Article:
Speaking in Venice this weekend, Norwegian Minister of Culture Trond Giske has outlined the country's long-term plans to boost film production and to attract foreign movies.
At a time when other Western European Governments are feeling the financial squeeze, Norway is continuing to strike a bullish note about its film policy. The oil-rich Norwegians are committed to boosting further their public investment in film.
The Government has already shaken up Norwegian public film bodies, bringing them together as a single organisation, The Norwegian Film Institute. As has been reported, the aim now is to ensure that Norwegian films enjoy a 25% share of their domestic market.
Meanwhile, Giske (who was in Venice for the screening of Eva Sorhaug's Cold Lunch, the opening title in Critics' Week) has promised that Norway's rate of production will increase to 25 feature-length movies a year. 'That gives us a broader audience, a broader variety of films and a big chance of success,' the Minister said.
Norway is investing heavily in the marketing of its movies in a bid to get more titles selected for international festivals. 'The platform is there. The next step is the internationalisation of the Norwegian film industry, not only through the festivals but gaining market share and selling (abroad.)'
Giske said that further funds will be released for marketing and promotion in the 2009 budget, with a likely 30% increase on the current budget of 1 million Euros. In order to lure international productions to the country, the aim is for Norway to join the European Convention co-production agreement. The Government is still aiming to introduce its long-delayed 15% tax break system.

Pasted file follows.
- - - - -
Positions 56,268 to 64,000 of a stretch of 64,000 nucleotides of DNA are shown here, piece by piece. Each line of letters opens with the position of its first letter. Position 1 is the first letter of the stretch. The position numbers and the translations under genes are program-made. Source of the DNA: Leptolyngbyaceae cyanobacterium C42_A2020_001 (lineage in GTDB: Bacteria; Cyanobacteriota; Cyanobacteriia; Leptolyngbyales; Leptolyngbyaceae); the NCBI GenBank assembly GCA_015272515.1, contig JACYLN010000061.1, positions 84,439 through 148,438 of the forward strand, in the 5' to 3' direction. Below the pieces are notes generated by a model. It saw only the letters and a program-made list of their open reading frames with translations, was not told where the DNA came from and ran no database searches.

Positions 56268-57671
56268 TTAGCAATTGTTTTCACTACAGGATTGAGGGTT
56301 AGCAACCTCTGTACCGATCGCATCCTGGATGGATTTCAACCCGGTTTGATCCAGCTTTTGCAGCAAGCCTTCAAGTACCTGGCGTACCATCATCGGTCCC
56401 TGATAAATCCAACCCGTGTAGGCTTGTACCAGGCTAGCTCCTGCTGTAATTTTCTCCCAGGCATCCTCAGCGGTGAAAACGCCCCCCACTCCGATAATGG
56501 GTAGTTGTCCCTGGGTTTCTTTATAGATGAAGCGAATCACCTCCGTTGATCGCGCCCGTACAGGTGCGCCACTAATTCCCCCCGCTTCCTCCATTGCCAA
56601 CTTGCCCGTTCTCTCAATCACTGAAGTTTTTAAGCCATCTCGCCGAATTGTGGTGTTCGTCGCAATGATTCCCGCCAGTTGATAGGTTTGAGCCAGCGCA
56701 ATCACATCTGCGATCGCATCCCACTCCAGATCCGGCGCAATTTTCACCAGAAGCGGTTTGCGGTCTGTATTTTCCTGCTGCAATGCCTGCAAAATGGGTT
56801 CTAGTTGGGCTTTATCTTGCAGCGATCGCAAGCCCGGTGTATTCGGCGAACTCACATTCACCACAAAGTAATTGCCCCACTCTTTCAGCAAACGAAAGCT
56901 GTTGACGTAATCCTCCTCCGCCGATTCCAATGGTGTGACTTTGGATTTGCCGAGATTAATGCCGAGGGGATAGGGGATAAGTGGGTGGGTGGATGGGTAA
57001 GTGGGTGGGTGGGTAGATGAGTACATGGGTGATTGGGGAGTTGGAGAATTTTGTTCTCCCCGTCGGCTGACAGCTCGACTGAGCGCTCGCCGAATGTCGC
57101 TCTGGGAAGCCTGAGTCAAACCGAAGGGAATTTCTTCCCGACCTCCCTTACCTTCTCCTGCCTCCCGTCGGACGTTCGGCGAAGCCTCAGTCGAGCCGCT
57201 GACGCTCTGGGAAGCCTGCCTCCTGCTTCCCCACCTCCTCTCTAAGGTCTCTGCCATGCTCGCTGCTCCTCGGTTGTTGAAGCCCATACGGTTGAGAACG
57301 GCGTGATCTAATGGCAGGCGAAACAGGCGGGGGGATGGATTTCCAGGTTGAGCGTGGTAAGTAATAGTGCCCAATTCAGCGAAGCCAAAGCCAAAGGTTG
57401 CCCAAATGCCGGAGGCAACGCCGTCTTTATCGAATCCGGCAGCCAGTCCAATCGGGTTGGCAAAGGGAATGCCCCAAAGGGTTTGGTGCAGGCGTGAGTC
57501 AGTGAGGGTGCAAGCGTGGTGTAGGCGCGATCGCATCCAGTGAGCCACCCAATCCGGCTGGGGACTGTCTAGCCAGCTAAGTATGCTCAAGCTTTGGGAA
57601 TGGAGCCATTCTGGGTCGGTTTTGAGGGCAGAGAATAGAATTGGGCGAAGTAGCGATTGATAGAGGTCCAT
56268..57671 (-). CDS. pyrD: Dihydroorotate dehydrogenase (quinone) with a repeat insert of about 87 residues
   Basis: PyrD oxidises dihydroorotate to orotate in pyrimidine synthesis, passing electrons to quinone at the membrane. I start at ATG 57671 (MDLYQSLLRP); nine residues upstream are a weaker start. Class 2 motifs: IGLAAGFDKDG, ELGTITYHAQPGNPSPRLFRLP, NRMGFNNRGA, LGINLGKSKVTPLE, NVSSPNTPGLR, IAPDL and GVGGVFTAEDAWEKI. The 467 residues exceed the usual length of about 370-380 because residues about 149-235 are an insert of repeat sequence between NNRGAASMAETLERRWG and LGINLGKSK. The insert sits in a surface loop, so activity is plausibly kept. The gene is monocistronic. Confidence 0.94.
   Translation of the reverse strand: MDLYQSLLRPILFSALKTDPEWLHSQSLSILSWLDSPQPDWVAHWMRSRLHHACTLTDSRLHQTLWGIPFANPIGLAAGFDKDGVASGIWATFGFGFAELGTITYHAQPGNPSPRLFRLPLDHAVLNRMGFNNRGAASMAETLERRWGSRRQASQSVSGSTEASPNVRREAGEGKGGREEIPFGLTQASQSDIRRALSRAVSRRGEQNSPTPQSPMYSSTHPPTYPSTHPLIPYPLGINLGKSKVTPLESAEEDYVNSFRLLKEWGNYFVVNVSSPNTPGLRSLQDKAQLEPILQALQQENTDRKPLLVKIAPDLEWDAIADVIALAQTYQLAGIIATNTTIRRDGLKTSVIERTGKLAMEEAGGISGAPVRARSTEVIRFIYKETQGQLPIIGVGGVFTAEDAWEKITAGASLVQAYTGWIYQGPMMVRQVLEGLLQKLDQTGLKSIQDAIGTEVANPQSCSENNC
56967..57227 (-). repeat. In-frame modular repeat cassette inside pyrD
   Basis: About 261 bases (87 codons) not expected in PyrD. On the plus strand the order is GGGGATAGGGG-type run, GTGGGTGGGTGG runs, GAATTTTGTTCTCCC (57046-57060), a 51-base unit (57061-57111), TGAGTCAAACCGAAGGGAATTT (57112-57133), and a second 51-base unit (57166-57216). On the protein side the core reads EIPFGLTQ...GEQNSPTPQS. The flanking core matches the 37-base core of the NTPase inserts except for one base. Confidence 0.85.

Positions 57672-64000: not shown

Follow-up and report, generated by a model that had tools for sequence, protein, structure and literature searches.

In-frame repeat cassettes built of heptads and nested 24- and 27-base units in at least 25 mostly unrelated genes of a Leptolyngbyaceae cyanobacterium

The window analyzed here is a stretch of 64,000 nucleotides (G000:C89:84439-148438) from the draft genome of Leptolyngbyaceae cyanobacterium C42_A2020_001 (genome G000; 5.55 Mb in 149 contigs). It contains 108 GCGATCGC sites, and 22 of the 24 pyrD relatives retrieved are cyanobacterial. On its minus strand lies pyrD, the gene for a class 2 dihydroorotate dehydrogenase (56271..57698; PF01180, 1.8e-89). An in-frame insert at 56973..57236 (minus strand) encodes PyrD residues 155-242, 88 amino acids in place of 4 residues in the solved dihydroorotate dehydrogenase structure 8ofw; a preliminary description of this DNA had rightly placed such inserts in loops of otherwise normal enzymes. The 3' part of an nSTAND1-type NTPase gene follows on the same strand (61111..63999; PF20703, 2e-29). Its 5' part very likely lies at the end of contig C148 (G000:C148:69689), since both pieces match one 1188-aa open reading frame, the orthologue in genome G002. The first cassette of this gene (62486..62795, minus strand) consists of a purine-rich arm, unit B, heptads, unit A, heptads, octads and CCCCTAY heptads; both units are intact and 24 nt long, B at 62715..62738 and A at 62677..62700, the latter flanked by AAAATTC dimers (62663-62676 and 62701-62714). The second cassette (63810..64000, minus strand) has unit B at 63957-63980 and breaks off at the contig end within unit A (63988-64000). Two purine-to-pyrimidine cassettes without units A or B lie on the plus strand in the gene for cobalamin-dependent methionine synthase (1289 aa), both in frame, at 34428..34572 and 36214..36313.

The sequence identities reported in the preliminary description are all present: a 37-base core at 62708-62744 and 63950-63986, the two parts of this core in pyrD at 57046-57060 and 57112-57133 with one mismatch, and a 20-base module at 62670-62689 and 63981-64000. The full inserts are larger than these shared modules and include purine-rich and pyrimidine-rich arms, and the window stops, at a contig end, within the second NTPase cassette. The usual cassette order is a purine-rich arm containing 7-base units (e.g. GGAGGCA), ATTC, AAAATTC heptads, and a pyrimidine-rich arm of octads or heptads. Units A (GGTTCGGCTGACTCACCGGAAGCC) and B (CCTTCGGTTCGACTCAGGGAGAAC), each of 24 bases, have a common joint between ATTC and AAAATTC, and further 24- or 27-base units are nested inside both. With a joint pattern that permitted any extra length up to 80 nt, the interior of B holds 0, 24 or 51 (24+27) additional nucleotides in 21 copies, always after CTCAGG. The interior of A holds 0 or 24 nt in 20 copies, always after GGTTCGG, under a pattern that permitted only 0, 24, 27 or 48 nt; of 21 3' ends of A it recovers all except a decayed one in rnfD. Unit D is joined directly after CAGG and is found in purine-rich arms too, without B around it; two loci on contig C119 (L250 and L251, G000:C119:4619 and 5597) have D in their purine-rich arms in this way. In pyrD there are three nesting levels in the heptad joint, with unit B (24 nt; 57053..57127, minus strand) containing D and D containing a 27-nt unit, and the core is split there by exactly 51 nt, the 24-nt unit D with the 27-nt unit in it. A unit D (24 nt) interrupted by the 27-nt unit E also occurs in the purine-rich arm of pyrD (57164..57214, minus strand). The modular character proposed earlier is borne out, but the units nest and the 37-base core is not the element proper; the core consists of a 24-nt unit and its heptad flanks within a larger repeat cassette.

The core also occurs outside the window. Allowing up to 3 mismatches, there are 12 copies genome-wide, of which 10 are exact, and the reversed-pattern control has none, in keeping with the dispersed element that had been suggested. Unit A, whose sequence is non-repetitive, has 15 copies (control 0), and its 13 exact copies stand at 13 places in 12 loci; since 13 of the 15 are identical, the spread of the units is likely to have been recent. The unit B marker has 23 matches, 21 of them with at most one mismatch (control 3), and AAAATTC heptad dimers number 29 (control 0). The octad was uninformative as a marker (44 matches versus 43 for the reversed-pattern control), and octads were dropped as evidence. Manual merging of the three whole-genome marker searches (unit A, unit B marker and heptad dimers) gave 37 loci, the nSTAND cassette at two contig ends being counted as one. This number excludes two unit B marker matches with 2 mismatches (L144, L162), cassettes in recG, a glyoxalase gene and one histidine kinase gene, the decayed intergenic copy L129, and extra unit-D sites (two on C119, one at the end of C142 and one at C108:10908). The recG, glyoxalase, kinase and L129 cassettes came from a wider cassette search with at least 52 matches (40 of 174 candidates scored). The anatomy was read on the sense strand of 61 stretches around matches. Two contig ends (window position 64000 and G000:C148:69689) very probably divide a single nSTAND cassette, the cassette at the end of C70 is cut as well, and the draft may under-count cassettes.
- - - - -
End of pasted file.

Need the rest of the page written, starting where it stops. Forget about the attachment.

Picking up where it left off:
Asked why supporting the Norwegian film industry ranks so high in the Government's current priorities, the Minister said: 'it (film) is an art form that has been treated unequally. It has been sitting at the end of the table.
'Film has been looked down on .for me, it is important to lift those areas that haven't really been acknowledged in the field of culture Also, film communicates very well with young people. It creates work opportunity, economic development and perhaps also tourism.'
Giske acknowledged the danger that with so much public subsidy available, Norwegian filmmakers might lose the entrepreneurial skills required for success in the international marketplace.
'Our goal is that the average support for each film, which is today around 75%, should decrease to 50%. The goal is that half of the money for each film will come from private investment and ticket sales. There is a danger that people get a little lazy when public money is available.'